John Stezaker



Not on display

John Stezaker born 1949
Postcard on paper on photograph, black and white, on paper
Unconfirmed: 206 × 253 mm
Purchased 2007


Stezaker’s collage Insert combines a postcard with a film still. It shows a scene in which a man and a woman meet in an office illuminated by brilliant sunlight. Superimposed on the centre of the still, the postcard depicts a large wave violently crashing into the sea wall in front of a row of Edwardian apartment blocks. A caption on the upper right corner of the postcard indicates that the scene is ‘Splash Point, Eastbourne’, a small town on England’s south coast. The postcard fills the space between the two film protagonists, extending from the back of the woman, who stands in the foreground of the film still facing away from the camera, to cover the whole of the man’s left side including his face. Concealing his facial expression, it takes the place of the segment of narrative normally provided by the still, replacing it with an allegorical representation of an exchange between two people, now provided by the details of the combined images. The man stands at his desk, his right hand balled into a fist on a book on his work surface. The tension in his hand is echoed in the slight bend of his body. His fist aligns with the sea wall on the postcard, making a physical connection with the wall that takes the force of the wave’s momentum as it thrusts from the centre of the woman’s back to smash against the wall.

The structure of Insert, in which a coloured postcard showing water covers part of a black and white film still from a British film from the 1940s or 1950s, is common to a group of works Stezaker created at the end of the 1970s, such as The Oath, 1978 (T12341) and The Trial, 1978 (T12342) and takes its name from this structure. The artist has commented:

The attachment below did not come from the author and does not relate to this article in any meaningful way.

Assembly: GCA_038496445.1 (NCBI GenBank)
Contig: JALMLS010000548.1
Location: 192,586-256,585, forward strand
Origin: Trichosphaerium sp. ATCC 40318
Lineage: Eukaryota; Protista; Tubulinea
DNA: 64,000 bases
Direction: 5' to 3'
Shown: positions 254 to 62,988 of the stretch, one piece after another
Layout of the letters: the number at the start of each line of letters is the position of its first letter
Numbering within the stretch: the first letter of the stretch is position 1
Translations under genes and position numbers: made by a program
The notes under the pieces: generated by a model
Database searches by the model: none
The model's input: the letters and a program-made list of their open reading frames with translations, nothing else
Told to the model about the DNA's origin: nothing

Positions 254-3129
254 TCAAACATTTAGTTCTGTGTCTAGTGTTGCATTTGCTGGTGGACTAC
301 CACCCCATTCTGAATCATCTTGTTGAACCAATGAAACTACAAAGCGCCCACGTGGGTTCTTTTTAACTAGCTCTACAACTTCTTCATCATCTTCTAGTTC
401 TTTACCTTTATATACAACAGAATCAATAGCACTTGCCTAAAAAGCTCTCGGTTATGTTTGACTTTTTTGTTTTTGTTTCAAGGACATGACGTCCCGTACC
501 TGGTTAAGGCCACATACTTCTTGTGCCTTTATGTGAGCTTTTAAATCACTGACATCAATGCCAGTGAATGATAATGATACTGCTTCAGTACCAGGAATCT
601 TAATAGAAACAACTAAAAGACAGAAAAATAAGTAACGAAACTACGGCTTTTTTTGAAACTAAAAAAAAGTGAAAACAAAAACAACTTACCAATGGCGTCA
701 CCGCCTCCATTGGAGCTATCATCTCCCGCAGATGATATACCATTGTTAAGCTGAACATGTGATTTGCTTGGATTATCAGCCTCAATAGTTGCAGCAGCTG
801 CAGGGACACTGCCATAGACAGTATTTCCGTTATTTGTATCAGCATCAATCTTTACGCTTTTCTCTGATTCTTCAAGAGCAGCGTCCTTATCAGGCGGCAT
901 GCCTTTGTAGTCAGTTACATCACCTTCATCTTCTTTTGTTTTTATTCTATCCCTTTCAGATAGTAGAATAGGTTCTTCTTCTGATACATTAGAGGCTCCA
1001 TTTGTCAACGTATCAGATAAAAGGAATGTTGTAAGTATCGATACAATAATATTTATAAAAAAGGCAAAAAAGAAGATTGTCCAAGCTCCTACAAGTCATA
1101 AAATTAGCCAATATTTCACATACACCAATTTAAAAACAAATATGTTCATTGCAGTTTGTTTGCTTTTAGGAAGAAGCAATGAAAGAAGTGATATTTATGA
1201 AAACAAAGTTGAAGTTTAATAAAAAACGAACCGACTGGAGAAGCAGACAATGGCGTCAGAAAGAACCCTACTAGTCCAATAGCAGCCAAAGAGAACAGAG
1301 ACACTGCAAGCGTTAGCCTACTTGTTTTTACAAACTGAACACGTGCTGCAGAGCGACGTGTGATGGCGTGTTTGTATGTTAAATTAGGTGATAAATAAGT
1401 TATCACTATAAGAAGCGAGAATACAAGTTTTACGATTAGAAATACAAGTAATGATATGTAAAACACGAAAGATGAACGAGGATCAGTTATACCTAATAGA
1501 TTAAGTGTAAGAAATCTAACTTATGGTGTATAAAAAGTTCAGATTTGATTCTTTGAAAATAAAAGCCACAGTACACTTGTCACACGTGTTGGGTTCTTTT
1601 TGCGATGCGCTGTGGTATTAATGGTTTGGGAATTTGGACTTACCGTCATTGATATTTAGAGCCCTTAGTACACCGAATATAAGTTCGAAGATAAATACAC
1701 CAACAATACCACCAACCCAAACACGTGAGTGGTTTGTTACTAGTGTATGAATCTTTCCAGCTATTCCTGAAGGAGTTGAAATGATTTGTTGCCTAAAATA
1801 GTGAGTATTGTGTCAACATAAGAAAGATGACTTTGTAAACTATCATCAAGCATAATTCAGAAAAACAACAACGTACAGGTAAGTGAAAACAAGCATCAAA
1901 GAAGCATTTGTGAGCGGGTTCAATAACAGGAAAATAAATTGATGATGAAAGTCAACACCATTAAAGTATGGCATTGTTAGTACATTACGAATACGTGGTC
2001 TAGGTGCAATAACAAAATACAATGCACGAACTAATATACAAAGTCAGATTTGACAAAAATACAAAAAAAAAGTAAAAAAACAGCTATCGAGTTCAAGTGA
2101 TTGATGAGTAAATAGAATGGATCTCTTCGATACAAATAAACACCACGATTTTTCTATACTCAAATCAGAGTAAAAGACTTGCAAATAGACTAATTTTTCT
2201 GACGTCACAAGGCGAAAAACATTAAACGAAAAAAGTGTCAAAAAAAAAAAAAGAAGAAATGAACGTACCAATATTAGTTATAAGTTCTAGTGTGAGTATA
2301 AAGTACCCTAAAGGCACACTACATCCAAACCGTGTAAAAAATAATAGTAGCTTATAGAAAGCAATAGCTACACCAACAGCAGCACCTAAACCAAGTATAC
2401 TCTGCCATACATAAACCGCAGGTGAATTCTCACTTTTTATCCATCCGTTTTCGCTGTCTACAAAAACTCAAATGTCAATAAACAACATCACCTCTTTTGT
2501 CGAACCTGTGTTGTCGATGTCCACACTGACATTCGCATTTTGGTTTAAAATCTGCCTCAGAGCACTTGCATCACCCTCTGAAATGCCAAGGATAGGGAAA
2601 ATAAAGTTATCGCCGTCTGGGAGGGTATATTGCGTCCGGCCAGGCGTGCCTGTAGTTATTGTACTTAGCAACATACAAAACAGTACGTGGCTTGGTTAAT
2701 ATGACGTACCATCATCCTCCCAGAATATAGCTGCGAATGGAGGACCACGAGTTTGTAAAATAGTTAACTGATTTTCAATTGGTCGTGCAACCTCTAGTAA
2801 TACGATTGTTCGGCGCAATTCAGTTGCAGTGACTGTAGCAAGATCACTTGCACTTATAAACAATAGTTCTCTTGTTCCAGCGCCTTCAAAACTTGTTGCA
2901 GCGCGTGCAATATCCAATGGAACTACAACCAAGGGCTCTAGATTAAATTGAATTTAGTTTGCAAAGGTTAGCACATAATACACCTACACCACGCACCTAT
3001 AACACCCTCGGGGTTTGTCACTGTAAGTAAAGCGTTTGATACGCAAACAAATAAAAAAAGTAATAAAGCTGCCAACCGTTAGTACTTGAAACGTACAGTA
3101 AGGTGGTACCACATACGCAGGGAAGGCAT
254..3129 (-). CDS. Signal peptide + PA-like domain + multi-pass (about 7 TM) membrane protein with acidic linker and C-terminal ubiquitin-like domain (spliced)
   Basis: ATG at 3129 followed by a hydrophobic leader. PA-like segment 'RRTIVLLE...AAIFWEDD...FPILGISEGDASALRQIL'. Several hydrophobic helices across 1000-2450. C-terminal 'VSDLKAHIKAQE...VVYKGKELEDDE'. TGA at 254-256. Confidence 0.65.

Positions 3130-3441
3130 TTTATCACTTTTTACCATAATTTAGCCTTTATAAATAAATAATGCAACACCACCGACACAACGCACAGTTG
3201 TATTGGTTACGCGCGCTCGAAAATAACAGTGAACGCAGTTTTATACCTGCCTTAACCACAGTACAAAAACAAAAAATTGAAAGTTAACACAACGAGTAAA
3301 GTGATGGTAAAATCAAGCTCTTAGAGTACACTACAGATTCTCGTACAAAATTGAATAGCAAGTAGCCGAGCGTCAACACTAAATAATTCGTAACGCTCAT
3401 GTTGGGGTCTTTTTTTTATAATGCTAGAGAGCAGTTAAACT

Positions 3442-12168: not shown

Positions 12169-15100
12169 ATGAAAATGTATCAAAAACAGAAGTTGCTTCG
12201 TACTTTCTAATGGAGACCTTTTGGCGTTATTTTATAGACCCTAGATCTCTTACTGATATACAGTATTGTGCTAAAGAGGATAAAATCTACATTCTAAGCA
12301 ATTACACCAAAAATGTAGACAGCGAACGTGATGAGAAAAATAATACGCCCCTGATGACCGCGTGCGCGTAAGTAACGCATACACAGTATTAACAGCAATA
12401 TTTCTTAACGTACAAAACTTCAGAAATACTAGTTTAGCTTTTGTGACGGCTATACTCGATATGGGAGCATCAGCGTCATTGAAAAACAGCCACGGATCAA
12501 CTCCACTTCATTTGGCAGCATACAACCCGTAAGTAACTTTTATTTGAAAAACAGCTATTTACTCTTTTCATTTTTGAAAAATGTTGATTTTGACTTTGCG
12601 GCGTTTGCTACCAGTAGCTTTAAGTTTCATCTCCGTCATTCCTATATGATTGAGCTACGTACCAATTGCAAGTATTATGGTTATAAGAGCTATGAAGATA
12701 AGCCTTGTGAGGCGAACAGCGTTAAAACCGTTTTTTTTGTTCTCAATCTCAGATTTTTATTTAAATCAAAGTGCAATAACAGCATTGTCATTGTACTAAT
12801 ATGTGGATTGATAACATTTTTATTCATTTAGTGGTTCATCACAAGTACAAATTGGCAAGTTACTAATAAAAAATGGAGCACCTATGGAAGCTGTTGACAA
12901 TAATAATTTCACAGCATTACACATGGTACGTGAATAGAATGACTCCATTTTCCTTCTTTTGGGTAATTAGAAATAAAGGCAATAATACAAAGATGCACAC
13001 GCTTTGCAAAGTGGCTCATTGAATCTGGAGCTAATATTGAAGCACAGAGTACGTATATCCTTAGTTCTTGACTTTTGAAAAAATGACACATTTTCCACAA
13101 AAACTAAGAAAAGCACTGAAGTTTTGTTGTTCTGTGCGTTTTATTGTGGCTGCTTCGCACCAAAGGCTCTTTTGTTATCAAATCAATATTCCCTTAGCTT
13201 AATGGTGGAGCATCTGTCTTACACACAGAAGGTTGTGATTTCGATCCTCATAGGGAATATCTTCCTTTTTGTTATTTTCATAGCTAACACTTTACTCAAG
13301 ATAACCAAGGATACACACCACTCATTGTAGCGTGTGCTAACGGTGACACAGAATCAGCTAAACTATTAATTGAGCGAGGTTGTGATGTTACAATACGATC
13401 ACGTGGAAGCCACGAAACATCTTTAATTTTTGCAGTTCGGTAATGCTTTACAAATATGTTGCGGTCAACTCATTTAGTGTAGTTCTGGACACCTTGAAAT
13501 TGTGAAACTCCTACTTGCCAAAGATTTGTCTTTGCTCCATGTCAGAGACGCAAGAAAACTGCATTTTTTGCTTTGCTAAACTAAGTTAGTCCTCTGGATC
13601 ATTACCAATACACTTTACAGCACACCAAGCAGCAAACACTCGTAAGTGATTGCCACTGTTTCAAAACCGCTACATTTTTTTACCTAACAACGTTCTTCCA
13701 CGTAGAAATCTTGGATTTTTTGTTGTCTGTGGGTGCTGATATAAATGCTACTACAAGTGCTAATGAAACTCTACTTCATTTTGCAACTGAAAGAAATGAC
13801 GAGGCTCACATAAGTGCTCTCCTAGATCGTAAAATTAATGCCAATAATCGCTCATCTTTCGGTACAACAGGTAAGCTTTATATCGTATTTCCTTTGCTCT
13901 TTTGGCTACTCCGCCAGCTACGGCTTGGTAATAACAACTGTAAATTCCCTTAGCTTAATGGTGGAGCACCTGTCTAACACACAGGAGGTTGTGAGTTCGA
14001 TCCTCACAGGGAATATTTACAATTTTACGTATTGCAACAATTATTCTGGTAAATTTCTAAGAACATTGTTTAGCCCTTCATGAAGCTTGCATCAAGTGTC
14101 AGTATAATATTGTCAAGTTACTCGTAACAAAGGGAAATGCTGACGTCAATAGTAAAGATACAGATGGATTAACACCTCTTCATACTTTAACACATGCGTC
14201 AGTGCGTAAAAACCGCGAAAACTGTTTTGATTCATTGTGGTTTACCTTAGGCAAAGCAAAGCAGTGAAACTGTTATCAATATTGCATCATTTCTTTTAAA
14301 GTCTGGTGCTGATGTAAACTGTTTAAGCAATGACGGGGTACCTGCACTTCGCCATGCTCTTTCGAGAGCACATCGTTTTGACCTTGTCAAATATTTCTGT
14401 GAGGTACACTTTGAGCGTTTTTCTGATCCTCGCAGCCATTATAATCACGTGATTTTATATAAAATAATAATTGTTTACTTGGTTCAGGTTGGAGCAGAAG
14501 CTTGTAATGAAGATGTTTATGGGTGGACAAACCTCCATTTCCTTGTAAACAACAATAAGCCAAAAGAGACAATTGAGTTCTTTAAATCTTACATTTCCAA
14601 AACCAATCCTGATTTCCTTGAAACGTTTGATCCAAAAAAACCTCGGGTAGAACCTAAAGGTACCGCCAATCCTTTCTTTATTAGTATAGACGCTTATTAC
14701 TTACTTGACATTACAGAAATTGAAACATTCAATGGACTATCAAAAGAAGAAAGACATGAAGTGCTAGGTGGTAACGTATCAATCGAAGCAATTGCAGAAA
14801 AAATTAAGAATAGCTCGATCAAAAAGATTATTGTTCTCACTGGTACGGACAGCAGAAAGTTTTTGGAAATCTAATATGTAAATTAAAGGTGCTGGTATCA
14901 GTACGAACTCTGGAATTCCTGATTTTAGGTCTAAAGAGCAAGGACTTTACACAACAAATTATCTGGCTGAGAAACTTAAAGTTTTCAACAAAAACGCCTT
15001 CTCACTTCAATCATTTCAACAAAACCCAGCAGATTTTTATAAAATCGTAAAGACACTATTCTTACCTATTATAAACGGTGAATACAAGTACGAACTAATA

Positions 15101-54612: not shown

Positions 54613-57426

The ‘inserts’ came about as a natural coincidence of my two main collections of images: post-cards and film stills. Initially I thought of the postcards as representing a spatial anchor to the temporal image of the film moment. Indeed the first were entitled ‘Here and Now’, though the postcard ‘inserts’ tended to subvert this spatial/temporal union by themselves being ‘images of time’: firstly railway trains on perspectival tracks and then water-waterfalls or waves (as in the two Tate examples).

(Letter to author 26 October 2007.)

In Negotiable Space I, 1978 an approaching train appears to emerge from the hidden chest and head of a recumbent figure lying on a psychoanalyst’s couch below a portrait of Sigmund Freud (1856-1939). The postcard image of the train is moving in the direction of the listening psychoanalyst, indicating a dynamic movement of energy between the psychoanalysand and his analyst. In The Trial, the crash and spray of a waterfall suggest the unconscious and uncontained content of the courtroom drama staged in the film still.

A student at the Slade School of Art in the late 1960s (1967-73), Stezaker was inspired by the Situationist International, in particular the seminal text Society of the Spectacle by Guy Debord (1931-94) first published in English in 1970. For Stezaker cinema, like the urban environment described by Debord, offers a constant flow of imagery. Combining a film still with a postcard is a means of temporarily halting the flow. Stezaker shares with the Surrealists a preoccupation with the unconscious, symbolised in Insert and The Oath by the sea, a Jungian archetype and the most universal symbol of the unconscious. During the 1970s, Stezaker was influenced by the notion of archetypes as symbols of the collective unconscious developed by psychoanalyst Carl Jung (1875-1961) and outlined in his book, Man and His Symbols (New York, 1964). Stezaker’s printed, found images – cut into or combined with others – question relationships between archetypes and their copies, stereotypes. Unlike the Surrealists, for whom images offered a window into a symbolic world of the unconscious, Stezaker uses the medium of collage to reveal the repressed – bringing to light an invisible content hidden behind the conventions of representation. In this way he draws attention to the processes of creating symbols and constructing meaning inherent to photographic and film mediums. In Insert, Stezaker’s intervention offers an allegorical visualization of an exchange of momentous energy between the two characters, providing a poetic analysis of the still from an unknown film.

Further reading:
Mark Coetzee, John Stezaker: Rubell Family Collection, exhibition catalogue, Rubell Family Collection, Miami 2007.
John Stezaker: Marriage, exhibition catalogue, Karsten Schubert, London 2007.
John Stezaker: Film Still Collages, exhibition catalogue, F.G.G. Frankfurt 1990.

Elizabeth Manchester
November 2007

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